Originally, Danish design was a product of the 1950s. The post-war period experienced a lack of materials, and therefore durability and high quality was in demand. Design in this period was thus characterised by simple design, functionality and minimalism.
Danish design is simply made for living. In fact, Copenhagen is home to the biannual INDEX: Award, which is not only the biggest design award in the world, but probably also the most important. The importance of INDEX: Award lies in the unique, over-arching theme of Design to Improve Life – a concept which has established INDEX: Award as a global, inspirational design beacon.
Some of the most prominent Danish designers from the mid-century period, Georg Jensen, Hans J. Wegner, Finn Juhl and Arne Jacobsen, just to name a few, all made Danish design popular on the international scale. Today’s designers, such as Louise Campbell, HAY, Normann Copenhagen, Cecilie Manz and Muuto, all draw on elements of the Danish design classics of the post-war era.
Read our guide to top 10 Danish design.
Denmark has gradually risen to a high level of fashion consciousness too with shops and fashion designers such as Mads Nørgaard, Henrik Vibskov, Stine Goya and Wood Wood to match. Ever heard of the term democratic fashion? It covers wearable and high quality clothes, which are affordable to most. Not many places can boast of having so many mid-priced shops with quality fashion as Copenhagen.
Read our guide to top 10 Danish fashion.
A history of functionalism
When it comes to Danish architecture, the 1930s introduced rational architecture of concrete, glass and iron, designed to meet the social needs of the time. It later evolved and blended with characteristics from modernism such as using irregular ground plans, open plan interiors, flat roofs and glass facades.
As if designing furniture was not enough, many of the great Danish designers of the 1950s were also great architects. Arne Jacobsen became the leading architect in Denmark in the post-war era with the Bellavista houses north of Copenhagen, the town hall of the Copenhagen suburb Rødovre and the Radisson Blu Royal Hotel in Copenhagen, which he designed outside and inside, down to the silverware used in the restaurant, making it the very first design hotel in the world.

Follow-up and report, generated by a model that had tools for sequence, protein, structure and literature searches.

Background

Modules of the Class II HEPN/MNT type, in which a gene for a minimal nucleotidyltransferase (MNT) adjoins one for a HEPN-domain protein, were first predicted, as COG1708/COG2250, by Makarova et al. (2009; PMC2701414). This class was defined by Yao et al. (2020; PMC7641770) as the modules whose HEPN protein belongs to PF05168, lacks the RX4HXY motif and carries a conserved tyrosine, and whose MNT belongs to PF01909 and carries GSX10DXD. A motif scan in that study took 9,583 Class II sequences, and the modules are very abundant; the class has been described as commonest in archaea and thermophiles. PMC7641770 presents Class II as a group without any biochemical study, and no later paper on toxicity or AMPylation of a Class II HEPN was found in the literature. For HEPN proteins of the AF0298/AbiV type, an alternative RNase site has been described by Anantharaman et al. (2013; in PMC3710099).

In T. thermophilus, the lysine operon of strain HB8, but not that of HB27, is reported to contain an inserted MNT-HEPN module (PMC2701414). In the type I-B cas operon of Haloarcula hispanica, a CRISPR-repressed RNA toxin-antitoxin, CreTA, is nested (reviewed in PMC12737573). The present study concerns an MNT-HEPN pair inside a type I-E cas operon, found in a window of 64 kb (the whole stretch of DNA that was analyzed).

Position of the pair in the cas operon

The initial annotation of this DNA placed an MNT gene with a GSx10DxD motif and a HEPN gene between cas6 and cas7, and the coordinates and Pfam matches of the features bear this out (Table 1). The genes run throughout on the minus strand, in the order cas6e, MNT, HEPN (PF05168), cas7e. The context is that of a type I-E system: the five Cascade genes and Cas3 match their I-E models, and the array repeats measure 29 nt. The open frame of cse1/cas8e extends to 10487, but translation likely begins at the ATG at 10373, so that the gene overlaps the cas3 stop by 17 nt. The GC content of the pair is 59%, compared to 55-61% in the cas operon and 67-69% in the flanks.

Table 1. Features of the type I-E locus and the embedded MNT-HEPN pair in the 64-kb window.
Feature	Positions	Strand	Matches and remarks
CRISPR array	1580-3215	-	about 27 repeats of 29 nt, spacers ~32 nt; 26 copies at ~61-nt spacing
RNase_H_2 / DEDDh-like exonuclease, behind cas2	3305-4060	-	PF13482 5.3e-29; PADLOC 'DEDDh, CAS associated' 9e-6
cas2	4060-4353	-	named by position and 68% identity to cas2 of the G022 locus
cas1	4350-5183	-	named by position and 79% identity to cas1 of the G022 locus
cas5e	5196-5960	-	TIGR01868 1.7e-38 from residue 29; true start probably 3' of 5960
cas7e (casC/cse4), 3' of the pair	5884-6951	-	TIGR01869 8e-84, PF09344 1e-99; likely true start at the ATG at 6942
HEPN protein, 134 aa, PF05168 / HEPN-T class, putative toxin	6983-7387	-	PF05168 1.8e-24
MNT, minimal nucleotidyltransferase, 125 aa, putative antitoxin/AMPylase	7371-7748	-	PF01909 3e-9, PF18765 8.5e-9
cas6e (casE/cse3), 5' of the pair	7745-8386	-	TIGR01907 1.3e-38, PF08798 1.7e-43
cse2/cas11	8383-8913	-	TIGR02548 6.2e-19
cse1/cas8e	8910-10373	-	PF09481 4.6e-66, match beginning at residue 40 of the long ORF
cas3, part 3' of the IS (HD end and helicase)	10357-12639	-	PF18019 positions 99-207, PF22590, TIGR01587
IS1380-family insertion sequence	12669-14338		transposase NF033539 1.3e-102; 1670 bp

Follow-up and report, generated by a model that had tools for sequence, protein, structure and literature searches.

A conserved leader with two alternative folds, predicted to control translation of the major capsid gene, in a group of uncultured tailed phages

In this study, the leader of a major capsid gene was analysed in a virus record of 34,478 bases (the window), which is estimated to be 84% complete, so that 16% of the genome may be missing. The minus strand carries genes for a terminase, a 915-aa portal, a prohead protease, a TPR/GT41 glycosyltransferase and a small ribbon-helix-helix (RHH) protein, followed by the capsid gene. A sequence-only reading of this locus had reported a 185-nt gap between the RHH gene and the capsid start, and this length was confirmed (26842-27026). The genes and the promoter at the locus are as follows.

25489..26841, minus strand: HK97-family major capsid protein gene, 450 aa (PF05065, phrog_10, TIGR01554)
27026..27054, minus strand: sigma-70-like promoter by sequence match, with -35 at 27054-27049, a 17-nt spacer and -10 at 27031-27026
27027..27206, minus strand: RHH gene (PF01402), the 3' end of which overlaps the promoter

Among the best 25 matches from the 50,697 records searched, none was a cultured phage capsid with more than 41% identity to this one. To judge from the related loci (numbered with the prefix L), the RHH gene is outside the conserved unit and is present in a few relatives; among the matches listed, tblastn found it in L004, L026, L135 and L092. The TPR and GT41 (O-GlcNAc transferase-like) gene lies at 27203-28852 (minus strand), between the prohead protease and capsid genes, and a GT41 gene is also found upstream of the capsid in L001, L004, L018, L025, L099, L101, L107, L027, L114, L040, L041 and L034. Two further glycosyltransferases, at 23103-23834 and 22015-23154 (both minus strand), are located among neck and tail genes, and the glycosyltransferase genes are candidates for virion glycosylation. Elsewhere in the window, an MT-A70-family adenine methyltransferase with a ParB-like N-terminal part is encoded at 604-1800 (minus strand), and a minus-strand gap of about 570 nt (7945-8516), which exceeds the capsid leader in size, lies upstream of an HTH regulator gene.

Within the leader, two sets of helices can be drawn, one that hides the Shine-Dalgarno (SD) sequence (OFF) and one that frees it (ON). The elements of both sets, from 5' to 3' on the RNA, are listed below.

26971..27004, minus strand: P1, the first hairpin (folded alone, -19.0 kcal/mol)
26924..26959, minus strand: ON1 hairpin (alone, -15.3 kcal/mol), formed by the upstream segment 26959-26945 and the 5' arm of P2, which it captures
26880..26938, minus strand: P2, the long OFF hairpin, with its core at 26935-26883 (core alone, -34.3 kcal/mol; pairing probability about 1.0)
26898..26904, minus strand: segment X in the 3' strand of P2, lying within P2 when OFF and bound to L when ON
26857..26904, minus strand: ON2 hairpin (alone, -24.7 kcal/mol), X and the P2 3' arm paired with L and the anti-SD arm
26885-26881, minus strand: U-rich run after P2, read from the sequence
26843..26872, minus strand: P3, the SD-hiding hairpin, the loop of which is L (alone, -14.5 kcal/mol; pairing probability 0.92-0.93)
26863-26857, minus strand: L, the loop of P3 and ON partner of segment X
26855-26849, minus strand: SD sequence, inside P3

In the 1960s, Danish architects entered the world scene following Arne Jacobsen’s example. Most notably is Jørn Utzon’s iconic Opera House in Sydney, now a World Heritage Site, Henning Larsen’s Foreign Ministry building in Riyadh.
Light, water, open spaces and sustainability
Today the cityscape in the centre of Copenhagen is dominated by four to six-storey buildings rather than the typical glass and steel skyscrapers found in many other capital cities. However, the city is far from an architectural standstill. Contemporary architectural additions to the city are shooting up everywhere and manage to blend in beautifully with the old historic buildings and palaces.
Light, water, open spaces and sustainability are the key elements in the recent architectural boom in the Danish capital. The emergence of bold urban planning and world-class architecture is found in four key parts of the city, namely Ørestad, Nordhavn, city centre and not least along Copenhagen’s waterfront. The proximity to and reflection of the water in these new buildings are a common characteristic.
Read our guide to top 10 architecture.
Designed for life
The new constructions are designed for cultural, residential and business purposes, but most importantly for life – and for people. On top of the look and feel of the buildings, the functionality and interaction between people have been top of the architects’ minds.
Good examples of that are Tietgenkollegiet and 8-Tallet – both residential buildings that are constructed to bring people together. One of the super stars of Danish architecture in the 21stcentury is Bjarke Ingels, whose architectural foot prints are all over Copenhagen. BIG (Bjarke Ingels Group) has designed 8-Tallet, VM Houses, VM Mountain and Superkilen urban park in Copenhagen, to name a few.